Kids can surprise us every day. After teaching in an elementary school classroom for almost a month, I learned unexpected things about the students and their dreams for the future.
We had just learned in social studies about the dreams of African Americans in moving to the North during the Great Migration. We listened to a song and a poem with the theme of dreams by great Harlem Renaissance artists Louis Armstrong and Langston Hughes. Then, I asked students to write about their dreams. I was impressed at what they shared.
One student wrote that she dreamed of playing in the WNBA. Another explained her hope of publishing piano music she had written.
Another girl wrote that she wanted to invent hovercrafts—because no one has been able to do it yet.
A third student described his goal to become a millionaire, and a fourth discussed her intention to become a paleontologist—and a doctor.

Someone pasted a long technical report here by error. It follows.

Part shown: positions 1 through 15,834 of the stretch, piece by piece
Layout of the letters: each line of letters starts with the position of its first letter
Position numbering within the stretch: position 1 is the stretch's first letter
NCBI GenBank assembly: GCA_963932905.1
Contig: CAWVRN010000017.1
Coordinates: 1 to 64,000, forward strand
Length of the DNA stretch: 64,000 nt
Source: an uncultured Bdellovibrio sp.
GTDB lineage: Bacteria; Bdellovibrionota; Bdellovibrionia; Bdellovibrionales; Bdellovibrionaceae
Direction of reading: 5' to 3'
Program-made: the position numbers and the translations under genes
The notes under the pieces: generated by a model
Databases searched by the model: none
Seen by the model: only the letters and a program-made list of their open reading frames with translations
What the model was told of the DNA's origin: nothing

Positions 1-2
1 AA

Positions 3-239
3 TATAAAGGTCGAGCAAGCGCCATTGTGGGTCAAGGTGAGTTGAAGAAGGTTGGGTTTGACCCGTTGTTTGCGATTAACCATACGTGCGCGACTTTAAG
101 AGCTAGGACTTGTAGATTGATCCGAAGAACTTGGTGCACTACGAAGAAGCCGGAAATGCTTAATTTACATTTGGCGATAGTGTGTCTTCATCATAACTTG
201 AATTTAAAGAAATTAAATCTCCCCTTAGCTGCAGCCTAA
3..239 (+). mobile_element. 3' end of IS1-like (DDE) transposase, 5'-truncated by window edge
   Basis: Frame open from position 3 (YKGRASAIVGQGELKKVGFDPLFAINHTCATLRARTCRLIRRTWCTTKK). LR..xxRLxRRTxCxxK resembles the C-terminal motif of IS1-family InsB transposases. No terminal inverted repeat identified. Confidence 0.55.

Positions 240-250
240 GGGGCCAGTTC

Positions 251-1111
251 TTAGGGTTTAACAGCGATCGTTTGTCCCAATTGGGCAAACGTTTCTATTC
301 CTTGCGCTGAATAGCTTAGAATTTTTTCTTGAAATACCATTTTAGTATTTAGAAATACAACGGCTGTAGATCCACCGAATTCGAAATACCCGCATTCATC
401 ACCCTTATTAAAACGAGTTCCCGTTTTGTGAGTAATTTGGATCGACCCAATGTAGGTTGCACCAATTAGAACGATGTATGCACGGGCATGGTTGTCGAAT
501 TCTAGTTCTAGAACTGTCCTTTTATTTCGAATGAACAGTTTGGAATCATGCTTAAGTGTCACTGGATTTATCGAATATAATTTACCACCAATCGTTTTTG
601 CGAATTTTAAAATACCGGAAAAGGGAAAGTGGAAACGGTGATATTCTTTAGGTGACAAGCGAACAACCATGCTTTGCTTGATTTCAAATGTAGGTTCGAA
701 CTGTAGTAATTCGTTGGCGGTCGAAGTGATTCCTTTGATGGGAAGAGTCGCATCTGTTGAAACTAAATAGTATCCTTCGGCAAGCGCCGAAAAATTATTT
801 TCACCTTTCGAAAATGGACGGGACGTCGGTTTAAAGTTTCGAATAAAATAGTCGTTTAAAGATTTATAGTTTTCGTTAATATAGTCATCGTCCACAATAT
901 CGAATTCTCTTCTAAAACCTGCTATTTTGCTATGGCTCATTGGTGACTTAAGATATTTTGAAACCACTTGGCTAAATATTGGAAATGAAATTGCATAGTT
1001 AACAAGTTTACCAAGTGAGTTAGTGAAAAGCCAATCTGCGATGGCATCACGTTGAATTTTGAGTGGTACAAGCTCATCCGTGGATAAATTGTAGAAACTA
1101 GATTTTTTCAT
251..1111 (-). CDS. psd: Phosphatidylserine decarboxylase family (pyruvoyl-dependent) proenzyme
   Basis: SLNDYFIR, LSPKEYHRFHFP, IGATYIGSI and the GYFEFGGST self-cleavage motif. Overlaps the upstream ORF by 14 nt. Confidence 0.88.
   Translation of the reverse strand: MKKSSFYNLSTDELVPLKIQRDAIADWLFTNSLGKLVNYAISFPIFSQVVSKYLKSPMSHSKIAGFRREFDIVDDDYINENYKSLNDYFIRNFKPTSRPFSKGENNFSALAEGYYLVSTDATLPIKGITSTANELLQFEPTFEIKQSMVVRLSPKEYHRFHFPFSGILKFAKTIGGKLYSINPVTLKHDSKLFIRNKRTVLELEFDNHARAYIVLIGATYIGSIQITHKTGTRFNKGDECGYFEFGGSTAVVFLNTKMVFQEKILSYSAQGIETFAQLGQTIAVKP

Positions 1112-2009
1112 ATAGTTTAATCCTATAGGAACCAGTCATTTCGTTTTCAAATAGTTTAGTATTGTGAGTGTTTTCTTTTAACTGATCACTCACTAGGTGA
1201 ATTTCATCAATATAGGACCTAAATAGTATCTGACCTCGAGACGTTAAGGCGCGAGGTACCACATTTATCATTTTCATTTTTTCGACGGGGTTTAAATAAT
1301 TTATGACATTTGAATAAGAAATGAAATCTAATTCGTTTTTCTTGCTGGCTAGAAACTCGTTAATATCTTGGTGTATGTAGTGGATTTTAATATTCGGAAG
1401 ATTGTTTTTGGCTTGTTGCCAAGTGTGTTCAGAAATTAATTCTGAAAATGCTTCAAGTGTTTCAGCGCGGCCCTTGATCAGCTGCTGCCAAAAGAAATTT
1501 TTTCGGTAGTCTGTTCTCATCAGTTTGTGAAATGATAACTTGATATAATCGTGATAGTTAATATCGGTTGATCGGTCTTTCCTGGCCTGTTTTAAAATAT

Still others revealed their interests in creating video games and holographic rooms, publishing piano music, playing professional football and soccer, becoming entrepreneurs, and entertaining as famous actors, singers, and dancers.
Finally, a student explained her desire to help resolve conflicts in society and create world peace.
What powerful responses. What amazing dreams!
I remember as a child, at different times I wanted to be a zoo keeper, a dolphin trainer at Sea World, a children’s book author. I didn’t realize until college that I wanted to be a teacher, to helps others make their dreams come true. I want these students to know that they can do anything they put their minds to—and more.
—Leah Davis Christopher, Stance
Next week, I'll discuss how parents can help their children set goals to reach their dreams.